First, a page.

In the early 1800s, the United States government began a systematic effort to remove American Indian tribes from the southeast. On May 28, 1830, after many years of debate in Congress, President Andrew Jackson signed into law the Indian Removal Act, giving American settlers access to lands that were previously occupied by Native American tribes. Almost fifty thousand indigenous people were removed from the southeastern United States and relocated west of the Mississippi River. During the journey, known as the Trail of Tears, more than 4,000 Native Americans died from disease, hunger and cold.
In May, 1940, Nazi Germany invaded the Netherlands. Without any hope of changing the circumstances in their country, yet feeling compelled to help the voiceless and defenseless in whatever way they could, a Dutch Christian watchmaker named Corrie Ten Boom, along with her family, risked their lives to help many Jews escape the Nazis from the Holocaust. The Boom family was arrested in early 1944.
Ten Boom was initially held in solitary confinement. After three months, she was taken to her first hearing. At her trial, she spoke about her work with the mentally disabled; the Nazi lieutenant scoffed, because the Nazis had been killing mentally disabled individuals for years in accordance with their eugenics policies. Ten Boom defended her work by saying that in the eyes of God, a mentally disabled person might be more valuable than a watchmaker, or a lieutenant. Corrie and her sister Betsie were eventually sent to a political concentration camp and finally to a women’s labor camp in Germany. Betsie's health deteriorated, and she died. Fifteen days later, Corrie was released and returned home in the midst of the “hunger winter.” She still opened her doors to the mentally disabled who were in hiding for fear of execution.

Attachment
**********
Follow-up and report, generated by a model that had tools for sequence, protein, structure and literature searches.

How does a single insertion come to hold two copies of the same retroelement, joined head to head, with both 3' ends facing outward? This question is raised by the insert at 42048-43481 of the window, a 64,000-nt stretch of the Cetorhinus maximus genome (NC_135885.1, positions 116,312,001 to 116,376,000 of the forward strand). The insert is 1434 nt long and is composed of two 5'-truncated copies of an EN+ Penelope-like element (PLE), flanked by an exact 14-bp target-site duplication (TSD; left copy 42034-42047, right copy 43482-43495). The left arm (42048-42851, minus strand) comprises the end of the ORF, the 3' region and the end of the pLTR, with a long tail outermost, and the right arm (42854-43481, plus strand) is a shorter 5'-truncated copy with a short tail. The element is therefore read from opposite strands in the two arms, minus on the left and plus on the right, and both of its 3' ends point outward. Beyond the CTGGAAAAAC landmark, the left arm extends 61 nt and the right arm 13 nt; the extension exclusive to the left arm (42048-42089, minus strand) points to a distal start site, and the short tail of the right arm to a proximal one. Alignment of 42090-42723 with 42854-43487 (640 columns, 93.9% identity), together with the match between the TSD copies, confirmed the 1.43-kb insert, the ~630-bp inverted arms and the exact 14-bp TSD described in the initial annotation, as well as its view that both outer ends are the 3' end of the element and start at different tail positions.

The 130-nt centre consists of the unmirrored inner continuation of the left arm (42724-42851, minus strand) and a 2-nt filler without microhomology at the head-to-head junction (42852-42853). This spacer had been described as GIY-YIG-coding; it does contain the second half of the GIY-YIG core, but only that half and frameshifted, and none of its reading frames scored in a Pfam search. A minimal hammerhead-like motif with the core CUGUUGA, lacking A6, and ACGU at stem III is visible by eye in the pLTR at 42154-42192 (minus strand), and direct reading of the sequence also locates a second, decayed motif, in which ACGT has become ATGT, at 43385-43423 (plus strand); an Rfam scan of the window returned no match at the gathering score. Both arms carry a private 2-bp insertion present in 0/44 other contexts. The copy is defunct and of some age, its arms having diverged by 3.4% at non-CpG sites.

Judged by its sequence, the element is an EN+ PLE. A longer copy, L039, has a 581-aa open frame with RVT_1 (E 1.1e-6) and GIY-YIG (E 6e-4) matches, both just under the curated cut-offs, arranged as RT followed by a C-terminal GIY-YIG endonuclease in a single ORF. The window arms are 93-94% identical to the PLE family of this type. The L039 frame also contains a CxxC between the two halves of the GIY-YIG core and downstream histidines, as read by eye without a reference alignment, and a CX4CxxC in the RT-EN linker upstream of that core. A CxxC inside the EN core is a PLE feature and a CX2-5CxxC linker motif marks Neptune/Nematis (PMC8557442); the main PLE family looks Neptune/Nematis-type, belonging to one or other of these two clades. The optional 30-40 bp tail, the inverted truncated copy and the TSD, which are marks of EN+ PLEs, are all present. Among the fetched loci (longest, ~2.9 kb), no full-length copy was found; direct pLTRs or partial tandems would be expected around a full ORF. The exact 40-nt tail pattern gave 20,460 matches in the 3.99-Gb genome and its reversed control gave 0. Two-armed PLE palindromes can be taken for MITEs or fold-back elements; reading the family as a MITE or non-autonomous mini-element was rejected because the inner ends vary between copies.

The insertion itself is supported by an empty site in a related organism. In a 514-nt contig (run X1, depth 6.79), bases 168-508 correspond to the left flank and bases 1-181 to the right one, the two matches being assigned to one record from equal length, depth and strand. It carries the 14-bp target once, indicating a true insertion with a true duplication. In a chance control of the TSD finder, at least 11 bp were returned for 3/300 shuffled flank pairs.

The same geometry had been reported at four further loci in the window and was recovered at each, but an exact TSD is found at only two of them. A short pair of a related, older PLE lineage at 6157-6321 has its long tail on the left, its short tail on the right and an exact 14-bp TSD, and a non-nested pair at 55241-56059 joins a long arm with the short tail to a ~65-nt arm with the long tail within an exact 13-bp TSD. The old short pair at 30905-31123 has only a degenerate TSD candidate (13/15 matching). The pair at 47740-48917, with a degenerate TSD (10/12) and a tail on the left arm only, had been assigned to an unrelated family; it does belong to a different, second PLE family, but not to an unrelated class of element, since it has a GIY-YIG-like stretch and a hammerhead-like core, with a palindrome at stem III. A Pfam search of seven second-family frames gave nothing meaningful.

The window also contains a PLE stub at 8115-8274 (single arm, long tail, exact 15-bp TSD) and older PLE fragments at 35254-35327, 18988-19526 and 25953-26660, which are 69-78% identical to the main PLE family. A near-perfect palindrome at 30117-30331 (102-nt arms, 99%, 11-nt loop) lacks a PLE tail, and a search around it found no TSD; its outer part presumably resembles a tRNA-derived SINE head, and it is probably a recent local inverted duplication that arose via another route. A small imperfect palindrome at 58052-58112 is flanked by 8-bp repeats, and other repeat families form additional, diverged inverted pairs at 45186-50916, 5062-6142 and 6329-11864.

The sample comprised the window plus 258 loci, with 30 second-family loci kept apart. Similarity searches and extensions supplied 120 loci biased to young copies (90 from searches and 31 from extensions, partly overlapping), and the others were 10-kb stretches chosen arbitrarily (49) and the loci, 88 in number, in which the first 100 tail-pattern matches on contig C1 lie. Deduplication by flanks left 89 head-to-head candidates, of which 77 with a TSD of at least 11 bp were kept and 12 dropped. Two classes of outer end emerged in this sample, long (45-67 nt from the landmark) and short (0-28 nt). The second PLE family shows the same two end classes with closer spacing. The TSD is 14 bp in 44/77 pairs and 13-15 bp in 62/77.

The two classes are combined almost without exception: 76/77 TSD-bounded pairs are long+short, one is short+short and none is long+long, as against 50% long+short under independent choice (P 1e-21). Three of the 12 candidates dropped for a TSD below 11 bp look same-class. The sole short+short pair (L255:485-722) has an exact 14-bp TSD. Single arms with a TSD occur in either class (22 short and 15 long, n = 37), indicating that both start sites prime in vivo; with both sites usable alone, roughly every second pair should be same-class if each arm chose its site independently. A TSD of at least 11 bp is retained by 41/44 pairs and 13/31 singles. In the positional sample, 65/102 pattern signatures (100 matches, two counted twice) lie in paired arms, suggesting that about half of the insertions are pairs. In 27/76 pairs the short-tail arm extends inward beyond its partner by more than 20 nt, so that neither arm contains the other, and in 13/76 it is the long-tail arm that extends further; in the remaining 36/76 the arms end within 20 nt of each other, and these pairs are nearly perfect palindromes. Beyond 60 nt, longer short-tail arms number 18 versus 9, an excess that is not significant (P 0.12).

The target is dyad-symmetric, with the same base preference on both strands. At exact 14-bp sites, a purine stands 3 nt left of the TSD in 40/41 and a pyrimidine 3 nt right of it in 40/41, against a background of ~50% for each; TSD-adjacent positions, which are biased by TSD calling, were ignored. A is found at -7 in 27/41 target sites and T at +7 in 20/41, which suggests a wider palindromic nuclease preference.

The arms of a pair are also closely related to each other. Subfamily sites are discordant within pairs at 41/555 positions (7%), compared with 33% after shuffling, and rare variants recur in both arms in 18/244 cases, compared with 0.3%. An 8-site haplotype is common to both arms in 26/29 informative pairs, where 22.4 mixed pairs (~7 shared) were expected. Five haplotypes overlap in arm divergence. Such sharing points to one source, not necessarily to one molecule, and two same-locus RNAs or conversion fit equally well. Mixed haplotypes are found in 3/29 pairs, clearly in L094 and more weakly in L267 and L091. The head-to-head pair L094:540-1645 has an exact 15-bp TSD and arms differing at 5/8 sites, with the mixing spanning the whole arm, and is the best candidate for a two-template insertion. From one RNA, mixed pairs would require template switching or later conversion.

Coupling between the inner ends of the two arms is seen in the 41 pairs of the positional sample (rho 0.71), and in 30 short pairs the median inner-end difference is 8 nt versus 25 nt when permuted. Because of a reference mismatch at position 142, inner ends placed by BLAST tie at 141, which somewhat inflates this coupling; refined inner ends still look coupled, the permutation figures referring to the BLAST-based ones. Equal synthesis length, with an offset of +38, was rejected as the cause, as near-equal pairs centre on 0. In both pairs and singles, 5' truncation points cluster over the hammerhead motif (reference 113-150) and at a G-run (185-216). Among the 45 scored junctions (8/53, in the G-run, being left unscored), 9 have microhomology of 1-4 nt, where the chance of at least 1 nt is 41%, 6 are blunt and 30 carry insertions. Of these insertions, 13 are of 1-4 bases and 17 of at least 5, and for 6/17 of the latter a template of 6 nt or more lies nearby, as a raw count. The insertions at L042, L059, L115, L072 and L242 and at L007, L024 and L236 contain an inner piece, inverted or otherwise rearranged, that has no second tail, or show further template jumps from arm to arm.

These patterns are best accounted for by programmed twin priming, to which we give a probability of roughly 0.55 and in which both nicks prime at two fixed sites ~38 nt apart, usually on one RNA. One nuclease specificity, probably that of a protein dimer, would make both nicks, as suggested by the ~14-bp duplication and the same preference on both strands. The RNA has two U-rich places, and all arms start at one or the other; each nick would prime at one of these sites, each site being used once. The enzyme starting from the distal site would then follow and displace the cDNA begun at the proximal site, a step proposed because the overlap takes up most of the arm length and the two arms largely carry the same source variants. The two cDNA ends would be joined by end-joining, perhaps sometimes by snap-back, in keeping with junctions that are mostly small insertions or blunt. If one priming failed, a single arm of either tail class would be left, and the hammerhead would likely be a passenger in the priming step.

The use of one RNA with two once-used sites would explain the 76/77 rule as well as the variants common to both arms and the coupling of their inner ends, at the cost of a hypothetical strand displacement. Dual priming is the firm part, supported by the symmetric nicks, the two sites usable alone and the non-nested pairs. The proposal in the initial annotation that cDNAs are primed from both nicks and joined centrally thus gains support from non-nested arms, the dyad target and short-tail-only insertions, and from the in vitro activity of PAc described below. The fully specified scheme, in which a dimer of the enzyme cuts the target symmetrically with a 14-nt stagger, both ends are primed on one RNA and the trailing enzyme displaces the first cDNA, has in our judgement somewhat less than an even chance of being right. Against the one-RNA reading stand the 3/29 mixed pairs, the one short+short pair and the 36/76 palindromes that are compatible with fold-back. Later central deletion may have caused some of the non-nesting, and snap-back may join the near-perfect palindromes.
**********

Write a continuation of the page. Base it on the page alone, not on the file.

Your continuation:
Jesus said one of the two greatest commandments involved loving “your neighbor as yourself” (Matt. 22:39). According to James 2:15-17, loving our neighbors involves actively seeking their well-being according to best of our ability. The apostle wrote, “If a brother or sister is naked and destitute of daily food, and one of you says to them, ‘Depart in peace, be warmed and filled,’ but you do not give them the things which are needed for the body, what does it profit? Thus also faith by itself, if it does not have works, is dead.”
John wrote something similar, “By this we know love, because He laid down His life for us. And we also ought to lay down our lives for the brethren. But whoever has this world’s goods, and sees his brother in need, and shuts up his heart from him, how does the love of God abide in him?”
In a country like the United States, unlike the Roman Empire in the first century, Christians have the power to significantly affect the well-being of the the voiceless and defenseless through political influence and vote. If every Christian in the United States had rallied against the Indian Removal Act, they could have prevented President Andrew Jackson from signing it. Refusing to engage in politics in a country like the United States is failing to steward the resources God has placed within our sphere of influence to help our neighbors and promote righteousness.
Corrie Ten Boom and her family were not in a position to influence policy and laws in the Netherlands during Nazi occupation in the early 1940s, but they did what they could, with the limited resources at their disposal, to relieve the suffering of their “neighbor.”